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Pistachios Pummel Cholesterol

Pistachios, Sunflower Seeds Richest in Cholesterol-Lowering Phytosterols

WebMD Health News
Reviewed by Louise Chang, MD

Dec. 9, 2005 -- Pistachios and sunflower seeds may be some of the best snacks for people watching their cholesterol levels.

A new study shows pistachios and sunflower seeds contain the most cholesterol-lowering phytosterols of commonly eaten nuts and seeds.

Phytosterols are a group of chemicals found in plants that are similar in chemical structure to cholesterol. Several studies have shown that high doses of the plant chemicals through supplementation can lower blood cholesterol levels and reduce the risk of some types of cancer.

But researchers say recent studies show that much lower levels of phytosterols, such as those obtained through a diet rich in natural sources of phytosterols, may also be effective at lowering cholesterol. Therefore, determining the phytosterol content of popular foods is important in helping people achieve the maximum cholesterol-lowering benefits.

Cholesterol-Lowering Content Varies

Nuts and seeds are rich sources of phytosterols, but researchers say until now a comprehensive analysis of their phytosterol content hasn't been conducted.

In the study, published in Journal of Agricultural and Food Chemistry, researchers assessed and compared the phytosterol content of 27 popular nut and seed varieties.

Although sesame seeds and wheat germ contained the highest overall level of phytosterols, researchers say they are not commonly consumed as individual foods.

Among commonly eaten nuts and seeds, pistachios and sunflower seeds had the highest phytosterol content, followed by pumpkin seeds, pine nuts, almonds, macadamia nuts, black walnuts, pecans, cashews, peanuts, and hazelnuts. In comparison, chocolate ranked between black walnuts and pecans in phytosterol content.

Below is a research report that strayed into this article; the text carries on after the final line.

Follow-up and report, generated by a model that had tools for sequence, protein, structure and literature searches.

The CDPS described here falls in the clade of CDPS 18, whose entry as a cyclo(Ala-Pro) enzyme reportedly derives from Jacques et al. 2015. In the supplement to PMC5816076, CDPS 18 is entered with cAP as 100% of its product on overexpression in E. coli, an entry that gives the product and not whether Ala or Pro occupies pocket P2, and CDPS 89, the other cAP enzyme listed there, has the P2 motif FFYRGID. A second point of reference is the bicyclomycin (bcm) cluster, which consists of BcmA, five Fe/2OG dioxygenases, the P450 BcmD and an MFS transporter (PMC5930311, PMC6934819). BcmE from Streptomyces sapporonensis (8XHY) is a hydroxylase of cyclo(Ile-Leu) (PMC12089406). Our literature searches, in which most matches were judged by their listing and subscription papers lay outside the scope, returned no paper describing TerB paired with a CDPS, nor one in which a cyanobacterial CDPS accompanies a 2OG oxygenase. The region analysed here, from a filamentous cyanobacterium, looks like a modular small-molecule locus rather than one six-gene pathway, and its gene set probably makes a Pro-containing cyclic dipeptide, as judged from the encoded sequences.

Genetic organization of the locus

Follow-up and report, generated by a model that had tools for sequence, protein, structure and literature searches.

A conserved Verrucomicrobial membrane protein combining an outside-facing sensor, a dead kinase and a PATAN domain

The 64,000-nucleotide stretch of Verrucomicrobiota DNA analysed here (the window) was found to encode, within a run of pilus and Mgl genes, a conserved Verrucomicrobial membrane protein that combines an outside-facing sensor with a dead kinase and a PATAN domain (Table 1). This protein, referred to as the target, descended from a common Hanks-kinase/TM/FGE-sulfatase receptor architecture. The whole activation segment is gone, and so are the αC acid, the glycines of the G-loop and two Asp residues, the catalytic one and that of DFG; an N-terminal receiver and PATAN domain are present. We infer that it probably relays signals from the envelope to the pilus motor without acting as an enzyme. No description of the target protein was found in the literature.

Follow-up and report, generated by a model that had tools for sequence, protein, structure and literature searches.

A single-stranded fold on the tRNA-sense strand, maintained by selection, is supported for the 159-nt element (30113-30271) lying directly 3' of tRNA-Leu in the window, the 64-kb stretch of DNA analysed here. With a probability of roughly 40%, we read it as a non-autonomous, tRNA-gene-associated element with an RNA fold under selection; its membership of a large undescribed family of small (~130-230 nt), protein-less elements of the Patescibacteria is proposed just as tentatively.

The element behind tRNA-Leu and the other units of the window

Brazil nuts and English walnuts ranked the lowest in phytosterols. But researchers say phytosterols are only one potential cholesterol-lowering ingredient found in nuts and seeds and other ingredients may also provide heart-healthy benefits.

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Your total cholesterol level is Borderline High, but fortunately your level of "bad" LDL cholesterol is near optimal. This could mean you have a high level of high-density lipoprotein, or "good" HDL cholesterol, which protects against heart disease. Or you could have other non-measured increases in LDL-like particles that can increase heart disease. Your LDL level also could be optimal if you are taking a statin medication. Please check with your doctor to get your complete lipid profile and see if you may need additional treatment. In the meantime, find more information on WebMD's Cholesterol Health Center.

Your total cholesterol level is Borderline High. Your level of "bad" LDL cholesterol is Borderline High, too. Working to bring down your total cholesterol decreases your LDL cholesterol level. You can do this by exercising more and eating less food with saturated fats. Check food labels!